3) Passive or Active

To be honest you only really get Active on projectors but I'll let others discuss as I haven't had much experience with this yet. For TV's I tested Active on the Samsungs and the subtle subconscious flickering can cause headaches and eyestrain over time, particularly if you can't control your viewing light sources or spend time adjusting the TV. Passive 3D doesn't appear have those issues and the glasses are easily available (ie you could keep a Real 3D set and use that) or buy some good quality Sony's. If you get a 4K TV the whole "Passive = Half Resolution" isn't a valid argument anymore, if you get a 1080p set depending how close you sit you can get visible aliasing or other image quality issues but not overall as bad as saying it's half resolution.

These days if buying new getting a projector is the only way now at this point in time.
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post #9 of 17 Old 03-06-2020, 07:36 PM
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There's some new laser models that apparently are great for 3D, bright.
Like the Optoma ZH403, 506, etc, and GT1090HDR, HZ39HDR. Also LS700-4K, LS800WU.

The ZH506 is rated at 5000 lumens and LS800WU 5500, with ~3500 calibrated.
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post #10 of 17 Old 03-06-2020, 07:40 PM
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I think the best overall is a high lumen projector, with the 3D-BD source ripped to MKV with the ATMOS audio track from a UHD disk.

Mike
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post #11 of 17 Old 03-10-2020, 02:40 AM - Thread Starter
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Thanks for all the replies.

My original plan had been to look for an older 3D-capable 4K LG OLED television set. With the right inputs, the 2D picture can be absolutely stunning!

These brighter projectors, that are better suited to an 'everyday' environment and use, are extremely tempting though, as you can't beat the big-screen experience sometimes. These new laser models sound very interesting - hopefully not too pricey...?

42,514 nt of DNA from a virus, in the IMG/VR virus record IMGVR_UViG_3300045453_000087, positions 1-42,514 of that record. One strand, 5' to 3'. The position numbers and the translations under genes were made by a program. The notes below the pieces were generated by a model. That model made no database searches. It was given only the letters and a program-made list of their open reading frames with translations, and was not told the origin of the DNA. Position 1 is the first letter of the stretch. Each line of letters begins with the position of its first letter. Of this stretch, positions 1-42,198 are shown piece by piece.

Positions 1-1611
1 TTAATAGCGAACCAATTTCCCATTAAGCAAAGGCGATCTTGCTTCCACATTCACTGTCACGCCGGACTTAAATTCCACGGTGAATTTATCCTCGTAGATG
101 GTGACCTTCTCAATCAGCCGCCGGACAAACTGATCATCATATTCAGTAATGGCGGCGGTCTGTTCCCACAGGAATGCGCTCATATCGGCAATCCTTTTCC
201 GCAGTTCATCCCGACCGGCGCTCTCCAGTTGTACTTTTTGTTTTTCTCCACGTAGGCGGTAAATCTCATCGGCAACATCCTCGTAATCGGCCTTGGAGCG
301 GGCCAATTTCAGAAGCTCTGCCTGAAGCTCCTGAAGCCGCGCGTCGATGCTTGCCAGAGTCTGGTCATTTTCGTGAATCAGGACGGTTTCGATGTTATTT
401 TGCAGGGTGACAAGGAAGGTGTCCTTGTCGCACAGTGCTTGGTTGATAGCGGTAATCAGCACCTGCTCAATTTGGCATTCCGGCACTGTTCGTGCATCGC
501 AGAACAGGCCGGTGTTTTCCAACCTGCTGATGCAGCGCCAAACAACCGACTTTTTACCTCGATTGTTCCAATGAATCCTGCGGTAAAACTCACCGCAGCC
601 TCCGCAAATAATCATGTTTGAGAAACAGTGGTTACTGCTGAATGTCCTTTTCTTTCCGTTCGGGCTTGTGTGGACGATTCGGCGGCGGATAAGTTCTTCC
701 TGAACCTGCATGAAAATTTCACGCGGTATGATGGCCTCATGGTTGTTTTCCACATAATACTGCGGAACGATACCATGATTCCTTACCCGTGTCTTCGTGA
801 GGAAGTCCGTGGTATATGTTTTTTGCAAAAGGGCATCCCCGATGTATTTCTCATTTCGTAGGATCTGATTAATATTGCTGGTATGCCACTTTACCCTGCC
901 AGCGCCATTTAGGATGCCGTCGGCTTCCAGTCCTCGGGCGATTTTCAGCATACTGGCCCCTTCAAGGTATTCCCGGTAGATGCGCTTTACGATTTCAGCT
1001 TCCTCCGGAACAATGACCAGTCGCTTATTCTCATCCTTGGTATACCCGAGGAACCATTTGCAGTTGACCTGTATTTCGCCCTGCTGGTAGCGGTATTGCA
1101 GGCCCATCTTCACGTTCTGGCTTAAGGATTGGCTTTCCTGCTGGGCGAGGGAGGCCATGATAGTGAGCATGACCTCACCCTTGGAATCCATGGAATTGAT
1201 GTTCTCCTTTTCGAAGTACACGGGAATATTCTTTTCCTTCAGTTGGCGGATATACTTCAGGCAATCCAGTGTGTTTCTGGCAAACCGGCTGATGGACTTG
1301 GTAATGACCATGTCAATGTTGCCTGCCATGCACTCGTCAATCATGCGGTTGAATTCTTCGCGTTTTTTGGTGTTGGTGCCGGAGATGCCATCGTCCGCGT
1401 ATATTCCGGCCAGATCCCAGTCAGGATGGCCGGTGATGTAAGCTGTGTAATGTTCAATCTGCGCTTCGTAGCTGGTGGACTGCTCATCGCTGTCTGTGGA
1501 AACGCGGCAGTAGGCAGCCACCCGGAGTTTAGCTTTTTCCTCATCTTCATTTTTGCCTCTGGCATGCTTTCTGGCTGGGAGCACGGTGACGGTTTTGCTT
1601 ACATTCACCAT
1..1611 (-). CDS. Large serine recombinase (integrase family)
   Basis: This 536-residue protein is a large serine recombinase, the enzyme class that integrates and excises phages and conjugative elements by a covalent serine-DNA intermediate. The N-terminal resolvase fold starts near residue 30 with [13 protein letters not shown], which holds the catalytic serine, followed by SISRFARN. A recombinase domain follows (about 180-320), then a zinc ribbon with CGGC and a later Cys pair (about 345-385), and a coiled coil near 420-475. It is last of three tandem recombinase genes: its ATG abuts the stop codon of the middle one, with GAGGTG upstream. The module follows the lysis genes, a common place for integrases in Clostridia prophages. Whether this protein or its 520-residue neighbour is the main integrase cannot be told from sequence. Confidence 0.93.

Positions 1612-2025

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post #12 of 17 Old 03-10-2020, 02:53 AM
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Quote:
Originally Posted by Lukasx123 View Post
Thanks for all the replies.

My original plan had been to look for an older 3D-capable 4K LG OLED television set. With the right inputs, the 2D picture can be absolutely stunning!

These brighter projectors, that are better suited to an 'everyday' environment and use, are extremely tempting though, as you can't beat the big-screen experience sometimes. These new laser models sound very interesting - hopefully not too pricey...?
They will.

The ZH403 is ~1100 MSRP, in a year or two they'll probably be half.
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post #13 of 17 Old 03-10-2020, 07:42 AM
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There might be confusion with the Optoma Laser projectors that do 3D. They have 4K input, but downscale that to 1080p. Don't confuse these for 4K projectors with 1080p 3D, like the Optoma UHD52ALV, which does 4K and 1080p 3D. That said, if you are mostly interested in 3D, and not 4K, then those Laser projectors can handle very large screens with reasonably bright 3D.
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post #14 of 17 Old 03-11-2020, 04:14 AM - Thread Starter
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Originally Posted by 3DBob View Post
There might be confusion with the Optoma Laser projectors that do 3D. They have 4K input, but downscale that to 1080p. Don't confuse these for 4K projectors with 1080p 3D, like the Optoma UHD52ALV, which does 4K and 1080p 3D. That said, if you are mostly interested in 3D, and not 4K, then those Laser projectors can handle very large screens with reasonably bright 3D.
Thanks 3DBob, I guess it's a trade-off between 3D performance, resolution, brightness, etc. Just a matter of prioritising the most important features and performance benefits.